“Some days I feel like I’m 93. Comedy is the only way to cope with the pain of fibromylagia.”

Carina Macleod is a comedian and suffers from Fibromyalgia. )Chris Austin)

AS far as Carina MacLeod is concerned, laughter really is the best medicine.

The actress and stand-up comedian has written a hit comedy show about living with fibromyalgia.

The 46-year-old says performing it is not only helping her, but others diagnosed with the condition, which causes intense pain all over the body.

“I’ve been living with the symptoms for 10 years, but it was less than two years ago I was diagnosed,” Carina explained. “I felt I had to write a show about it because there are still a lot of people who haven’t heard of it and I needed people to know about it.

“Before I was diagnosed in March 2017, I had heard of a couple of people with it, but writing and performing the show has opened my eyes to just how many have it.

“A lot of fibro sufferers have come along to the show and know exactly where I’m coming from. I’m not laughing at fibro, I’m laughing at what it does to me.

“I wrote it in such a way that it’s not just for fibro sufferers, it’s for everyone to appreciate.”

Now Carina is planning a series of comedy workshops for people with fibromyalgia, which she hopes to take around the country next year.

“I did a one-off workshop in Dumfries earlier this year with a group of women and we talked not only about comedy, but also about how you can laugh at yourself, how you can move forward and not feel like a caged animal.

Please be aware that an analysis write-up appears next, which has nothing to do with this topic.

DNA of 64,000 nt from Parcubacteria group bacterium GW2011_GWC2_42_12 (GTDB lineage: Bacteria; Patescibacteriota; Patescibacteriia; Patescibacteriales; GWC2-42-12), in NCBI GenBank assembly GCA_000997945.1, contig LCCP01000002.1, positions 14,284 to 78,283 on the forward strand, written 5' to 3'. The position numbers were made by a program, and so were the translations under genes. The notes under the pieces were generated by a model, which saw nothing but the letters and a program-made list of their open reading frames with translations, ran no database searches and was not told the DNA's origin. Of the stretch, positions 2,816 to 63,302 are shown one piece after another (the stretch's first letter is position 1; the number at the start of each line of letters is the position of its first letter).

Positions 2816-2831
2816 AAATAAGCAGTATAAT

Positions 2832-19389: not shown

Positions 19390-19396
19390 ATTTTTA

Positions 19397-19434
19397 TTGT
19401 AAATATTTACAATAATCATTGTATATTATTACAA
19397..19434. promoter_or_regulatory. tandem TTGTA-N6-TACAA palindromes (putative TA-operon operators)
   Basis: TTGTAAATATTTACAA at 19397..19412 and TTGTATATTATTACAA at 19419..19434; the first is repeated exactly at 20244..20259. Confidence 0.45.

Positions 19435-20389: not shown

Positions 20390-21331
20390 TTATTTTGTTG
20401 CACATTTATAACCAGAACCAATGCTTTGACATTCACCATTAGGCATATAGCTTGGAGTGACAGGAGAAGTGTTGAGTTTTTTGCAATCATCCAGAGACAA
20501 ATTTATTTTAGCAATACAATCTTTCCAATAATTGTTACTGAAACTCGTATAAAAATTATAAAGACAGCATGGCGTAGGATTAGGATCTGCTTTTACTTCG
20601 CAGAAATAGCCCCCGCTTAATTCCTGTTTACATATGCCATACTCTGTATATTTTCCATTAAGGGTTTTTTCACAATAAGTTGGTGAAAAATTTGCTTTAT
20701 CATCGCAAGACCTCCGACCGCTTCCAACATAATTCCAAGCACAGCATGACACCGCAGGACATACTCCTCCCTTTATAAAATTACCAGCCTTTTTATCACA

“I hope to be able to do a workshop the day before or after a show and to take them to fibro groups throughout the country.”

But Carina has to manage her schedule carefully due to the condition, which also affects pain threshold, memory, mental health and bowels, among its 200 symptoms. “Doing a show leaves me quite tired, so I can’t do a 19-day run like a lot of comedians,” said Carina, originally from the Isle of Lewis but now living in Glasgow.

“A lot of people with the condition have asked me where I find the energy, but I refuse to let this beat me.

“I know if I’m doing some shows or have a strenuous night out then the next couple of days will be brutal. The pain is so severe that it feels like your body is being put through a vice.

“But you can never predict when a flare-up might happen, it can come on in minutes.”

Although it’s difficult to determine just how many people have the condition, there are thought to be around a million sufferers in Britain, with women seven times more likely than men to have it.

The condition typically develops in those aged between 30 and 50 but can occur at any age.

It’s believed to be related to abnormal levels of certain chemicals in the brain, as well as changes in the way the central nervous system processes pain messages.

In addition to fibromyalgia, Carina was also told she had osteoarthritis.

For a long time she had no idea what was wrong with her, suffering 50 of the symptoms associated with fibro.

“It started when I met my now husband, Alan, in 2008. I thought I was allergic to him because I developed all of these allergies, too!

“I was reaching the stage where I wondered if I was a hypochondriac, but finally I secured an appointment with a rheumatologist and was diagnosed in 15 minutes. Everything else had to be ruled out first. I feel very positive about it, but it has affected my life.

“On a good day I feel I’m 23 and act like a hen on a hot girdle, but on a bad day it’s like I’m 93.

“There are things I’ve had to give up. I can never do a small-scale theatre tour, travelling in a van and performing in a different venue each night.”

But Carina does continue to act, doing a lot of voiceover work for Gaelic cartoons and she has also been offered a part in a Gaelic-language drama.

As well as that, she returns to Websters Theatre in March as part of the Glasgow International Comedy Festival, having sold out a show there as part of the event earlier this year.

“I hope I’m able to lift people’s spirits,” she added. “Even if it’s just for 90 minutes.”